Anthrax: Possible Skin Exposure, No Symptoms

Anthrax is an infectious disease caused by anthrax bacteria. The bacteria are spread in the form of spores. A spore is a protective covering on the bacteria, like the shell of a seed. The spore keeps the bacteria alive for long periods of time, waiting for the right condition to grow.

Anthrax can cause an infection in the skin, stomach and intestines, or lungs. People can become infected with anthrax by getting the spores in their bodies. This usually happens by handling infected animals or animal products. Anthrax is uncommon and is generally only seen in underdeveloped countries. It's very rare in North America. Most cases have occurred in people who handle imported animal hides, in people who inject heroin, or in people exposed in a bioterrorism attack.

Skin anthrax occurs after the spores come in contact with an opening in the skin (such as a crack, cut or scrape).

  • Not everyone exposed will get sick.

  • If the infection occurs after exposure, symptoms usually start within 1 to 7 days.

  • The disease starts as a small red bump (like an insect bite) that turns into a blister.

  • The blister breaks in 1 to 2 days. Then a painless black sore forms. This sore dries up in 1 to 2 weeks.


Your provider will tell you what symptoms to watch for. Skin anthrax symptoms start as bumps or blisters, but then get worse. Symptoms can include:

  • A group of small blisters or bumps that may itch

  • A painless skin sore (ulcer) with a black center that appears after the small blisters or bumps

  • Often, a sore on the face, neck, arms, or hands

  • Swelling around the sore

Anthrax infection can only occur after skin is exposed directly to anthrax spores. Skin anthrax can be transmitted to others, but this is very rare. Whether you are treated with antibiotics will depend on the threat of exposure and the time since that exposure.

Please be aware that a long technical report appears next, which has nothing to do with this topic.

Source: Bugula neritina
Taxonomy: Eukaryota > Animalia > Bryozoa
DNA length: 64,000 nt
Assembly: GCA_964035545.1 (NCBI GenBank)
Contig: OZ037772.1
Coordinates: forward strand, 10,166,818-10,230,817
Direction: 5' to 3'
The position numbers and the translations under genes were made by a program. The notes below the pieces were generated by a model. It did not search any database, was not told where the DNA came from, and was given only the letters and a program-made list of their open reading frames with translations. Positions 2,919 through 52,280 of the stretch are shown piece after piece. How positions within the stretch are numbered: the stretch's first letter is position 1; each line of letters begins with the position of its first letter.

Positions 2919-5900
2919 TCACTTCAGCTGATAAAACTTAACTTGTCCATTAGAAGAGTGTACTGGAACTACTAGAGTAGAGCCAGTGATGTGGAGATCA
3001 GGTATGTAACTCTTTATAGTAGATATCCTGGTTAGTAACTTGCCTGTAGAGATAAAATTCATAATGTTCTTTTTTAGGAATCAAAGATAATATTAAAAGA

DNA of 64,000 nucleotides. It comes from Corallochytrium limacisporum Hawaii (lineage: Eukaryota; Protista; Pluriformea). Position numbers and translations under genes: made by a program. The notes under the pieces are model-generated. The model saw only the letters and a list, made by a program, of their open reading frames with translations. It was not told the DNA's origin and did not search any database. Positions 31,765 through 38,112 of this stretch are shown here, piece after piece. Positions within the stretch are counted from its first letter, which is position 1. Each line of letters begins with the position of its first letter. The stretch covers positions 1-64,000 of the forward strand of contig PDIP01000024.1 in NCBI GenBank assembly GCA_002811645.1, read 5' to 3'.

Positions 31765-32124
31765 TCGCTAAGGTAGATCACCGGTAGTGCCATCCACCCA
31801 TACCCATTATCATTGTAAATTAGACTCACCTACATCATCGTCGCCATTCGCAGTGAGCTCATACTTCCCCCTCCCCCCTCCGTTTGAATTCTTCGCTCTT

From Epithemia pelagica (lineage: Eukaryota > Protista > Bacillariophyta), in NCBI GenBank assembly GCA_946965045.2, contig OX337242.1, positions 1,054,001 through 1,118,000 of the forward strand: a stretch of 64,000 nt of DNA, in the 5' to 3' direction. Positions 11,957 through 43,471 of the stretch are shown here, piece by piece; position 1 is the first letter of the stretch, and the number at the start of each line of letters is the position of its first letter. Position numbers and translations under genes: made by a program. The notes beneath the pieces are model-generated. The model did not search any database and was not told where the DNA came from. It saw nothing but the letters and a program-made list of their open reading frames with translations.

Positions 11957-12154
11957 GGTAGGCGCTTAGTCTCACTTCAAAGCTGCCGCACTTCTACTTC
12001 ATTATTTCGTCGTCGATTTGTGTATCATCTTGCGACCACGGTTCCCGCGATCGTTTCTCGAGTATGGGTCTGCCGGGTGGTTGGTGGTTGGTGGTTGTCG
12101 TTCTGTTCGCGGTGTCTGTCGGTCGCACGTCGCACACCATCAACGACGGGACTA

Home care

  • Don't panic. The illness can be cured if correct treatment is started early after a confirmed exposure.

  • If antibiotics were prescribed, take them exactly as directed.

  • Wash your hands after using the bathroom and before eating and drinking.

Follow-up care

Follow up with your healthcare provider, or as advised.

If a lab test on a sample of cells (culture) was done, you will be notified if the treatment needs to be changed. You can call as directed for the results.

If X-rays or a CT scan were done, they will be reviewed by a specialist. You will be notified of the results, especially if they affect treatment.

Call 911

Call 911 if any of these occur, especially if you have been handling an imported animal hide or have been injecting heroin:

  • A painless bump appears on the skin, especially if it is surrounded by a large area of swelling

  • A black center develops in this bump, especially if swollen lymph nodes in the arm pit, neck, or groin develop

  • Symptoms such as fever, weakness, or headache develop along with the skin findings

When to seek medical advice

Call your healthcare provider or get medical attention right away if any of these occur on the skin within 3 weeks after the possible exposure:

  • Red bump (like an insect bite) or blister

  • Black scab or ulcer on the skin

  • Fever of 100.4ºF (38ºC) or higher, or as directed by your healthcare provider

  • Weakness or dizziness

For the latest information, see the CDC website:, or contact your state public health department.

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